The Nationals need a pound of flesh to cut a deal over net zero emissions and on Tuesday the NSW government showed their federal Coalition colleagues how to give it to them.
NSW Nationals leader John Barilaro said last year that his government’s commitment to decarbonise the economy by 2050 would mean the end of mining and agriculture. But now he’s not just locked in behind the 2050 goal, he is committed to halving the state’s emissions as soon as 2030 – matching the pace of the most ambitious plans around the world, like in the US and Britain.
Often assumed to be rivals over NSW’s climate change policy, Matt Kean and John Barilaro have joined forces to endorse ambitious plans to cut greenhouse gas emissions. Credit:AAP, Renee Nowytarger
NSW says its emissions reduction drive will attract about $12 billion of investments across the economy by 2030, with two thirds expected to flow into regional communities.
“Whether it is in modern manufacturing, minerals or agriculture, regional NSW is home to the skills, infrastructure and resources needed as the demand for low emissions technologies like batteries and hydrogen grows,” Mr Barilaro said.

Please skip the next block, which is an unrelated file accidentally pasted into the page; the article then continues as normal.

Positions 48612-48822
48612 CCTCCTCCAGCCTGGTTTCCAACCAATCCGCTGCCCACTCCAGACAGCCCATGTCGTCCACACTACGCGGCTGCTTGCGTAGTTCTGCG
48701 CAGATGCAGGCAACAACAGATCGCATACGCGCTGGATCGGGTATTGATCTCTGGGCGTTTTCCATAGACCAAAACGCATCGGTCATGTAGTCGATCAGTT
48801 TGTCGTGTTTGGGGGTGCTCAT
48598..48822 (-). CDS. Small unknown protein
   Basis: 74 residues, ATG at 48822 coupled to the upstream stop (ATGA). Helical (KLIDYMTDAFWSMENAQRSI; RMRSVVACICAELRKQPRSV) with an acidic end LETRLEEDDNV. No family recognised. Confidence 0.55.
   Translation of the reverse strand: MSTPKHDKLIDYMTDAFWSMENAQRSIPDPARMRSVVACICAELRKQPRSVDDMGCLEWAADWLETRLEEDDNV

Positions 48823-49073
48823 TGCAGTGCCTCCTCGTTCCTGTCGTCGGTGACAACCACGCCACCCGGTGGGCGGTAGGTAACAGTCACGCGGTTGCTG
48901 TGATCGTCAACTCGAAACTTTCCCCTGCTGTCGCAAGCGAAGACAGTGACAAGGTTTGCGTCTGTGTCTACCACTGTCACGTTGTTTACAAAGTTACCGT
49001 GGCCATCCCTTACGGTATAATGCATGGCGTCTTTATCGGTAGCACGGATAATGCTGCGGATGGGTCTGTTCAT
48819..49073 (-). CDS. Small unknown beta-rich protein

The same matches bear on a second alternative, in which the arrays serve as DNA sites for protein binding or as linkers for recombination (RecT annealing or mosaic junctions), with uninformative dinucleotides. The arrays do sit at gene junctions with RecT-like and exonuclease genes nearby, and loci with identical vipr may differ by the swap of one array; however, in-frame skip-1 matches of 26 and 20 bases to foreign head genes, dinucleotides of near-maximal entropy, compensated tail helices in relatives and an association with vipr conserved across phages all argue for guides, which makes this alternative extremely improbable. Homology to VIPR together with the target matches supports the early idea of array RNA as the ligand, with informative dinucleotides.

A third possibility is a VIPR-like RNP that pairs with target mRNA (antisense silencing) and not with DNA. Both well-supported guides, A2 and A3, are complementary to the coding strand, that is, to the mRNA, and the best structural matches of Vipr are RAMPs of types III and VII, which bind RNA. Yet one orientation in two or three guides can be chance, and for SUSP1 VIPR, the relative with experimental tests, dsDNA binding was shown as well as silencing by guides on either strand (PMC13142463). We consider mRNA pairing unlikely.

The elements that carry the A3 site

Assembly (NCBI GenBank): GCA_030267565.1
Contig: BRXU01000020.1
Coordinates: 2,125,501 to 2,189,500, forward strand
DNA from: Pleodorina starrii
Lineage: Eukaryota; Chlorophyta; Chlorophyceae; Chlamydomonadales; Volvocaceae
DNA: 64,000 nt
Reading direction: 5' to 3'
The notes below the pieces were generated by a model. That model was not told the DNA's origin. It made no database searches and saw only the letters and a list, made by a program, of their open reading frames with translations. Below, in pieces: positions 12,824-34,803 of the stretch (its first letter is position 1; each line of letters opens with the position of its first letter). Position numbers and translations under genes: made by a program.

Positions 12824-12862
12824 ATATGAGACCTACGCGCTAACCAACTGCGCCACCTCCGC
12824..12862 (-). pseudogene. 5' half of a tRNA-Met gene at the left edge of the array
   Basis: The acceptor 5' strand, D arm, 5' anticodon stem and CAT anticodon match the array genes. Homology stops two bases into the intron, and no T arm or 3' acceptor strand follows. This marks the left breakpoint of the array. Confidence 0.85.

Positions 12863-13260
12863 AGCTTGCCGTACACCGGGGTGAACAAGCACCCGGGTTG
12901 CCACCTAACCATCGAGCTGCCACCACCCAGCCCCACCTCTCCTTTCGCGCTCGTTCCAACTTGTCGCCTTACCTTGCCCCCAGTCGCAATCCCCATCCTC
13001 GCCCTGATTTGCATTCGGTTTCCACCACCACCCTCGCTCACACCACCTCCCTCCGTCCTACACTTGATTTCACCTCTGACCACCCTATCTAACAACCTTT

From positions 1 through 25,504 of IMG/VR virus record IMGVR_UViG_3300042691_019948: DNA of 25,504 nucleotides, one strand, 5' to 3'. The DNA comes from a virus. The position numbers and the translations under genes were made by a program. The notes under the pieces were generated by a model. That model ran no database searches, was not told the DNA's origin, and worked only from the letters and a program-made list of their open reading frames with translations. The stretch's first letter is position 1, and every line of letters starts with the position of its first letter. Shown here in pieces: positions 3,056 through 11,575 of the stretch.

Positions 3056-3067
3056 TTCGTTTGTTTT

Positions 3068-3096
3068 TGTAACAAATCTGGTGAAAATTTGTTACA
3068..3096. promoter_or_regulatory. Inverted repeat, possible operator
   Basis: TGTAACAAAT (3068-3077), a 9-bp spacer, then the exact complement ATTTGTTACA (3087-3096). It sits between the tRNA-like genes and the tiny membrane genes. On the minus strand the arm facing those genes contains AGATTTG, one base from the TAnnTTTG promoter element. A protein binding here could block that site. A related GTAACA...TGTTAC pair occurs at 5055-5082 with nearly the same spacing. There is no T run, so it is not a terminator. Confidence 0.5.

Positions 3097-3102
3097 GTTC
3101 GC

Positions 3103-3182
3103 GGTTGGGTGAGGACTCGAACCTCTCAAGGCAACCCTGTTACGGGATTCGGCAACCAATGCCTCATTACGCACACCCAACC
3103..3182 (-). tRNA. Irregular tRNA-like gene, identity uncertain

The federal government does not enjoy the consensus of NSW. The Coalition is split between several hardline Liberal MPs and a hatful of Nationals who oppose Prime Minister Scott Morrison’s net zero push.
Mr Morrison is wedged and it remains to be seen if he can move the policy forward ahead of the United Nations climate summit in November. He’s caught between the Nationals, who are split over net zero and the potential pain it could cause in restructuring regional industries, Liberal MPs facing uphill battles against pro-climate independent candidates in inner-city seats, and Australia’s international allies.
Britain, the US and most other wealthy nations have committed to cut emissions by about 50 per cent or more by 2030 and to reach net zero by 2050 at the latest.
Australia has not set a deadline to reach net zero, but is bound by its commitment under the Paris Agreement to reduce emissions by at least 26 per cent by 2030.
Mr Joyce says he is open to a net zero commitment, as long as regional Australia is shielded from economic impacts. When asked his price, Mr Joyce said earlier this month: “In any deal, I don’t start by saying what I think it’s worth. I start by saying how much do you want it?”
The renewable energy zone slated in Mr Joyce’s New England electorate is forecast to attract $10 billion in private investment, with much of the cash to flow to farmers hosting renewables projects on their land.
“John Barilaro has been able to convince his party room and convince his community of the benefits [of climate action],” Mr Kean said.
“When you electrify an economy you transfer wealth from a handful of big resources and energy companies to farmers and landholders across the state.”
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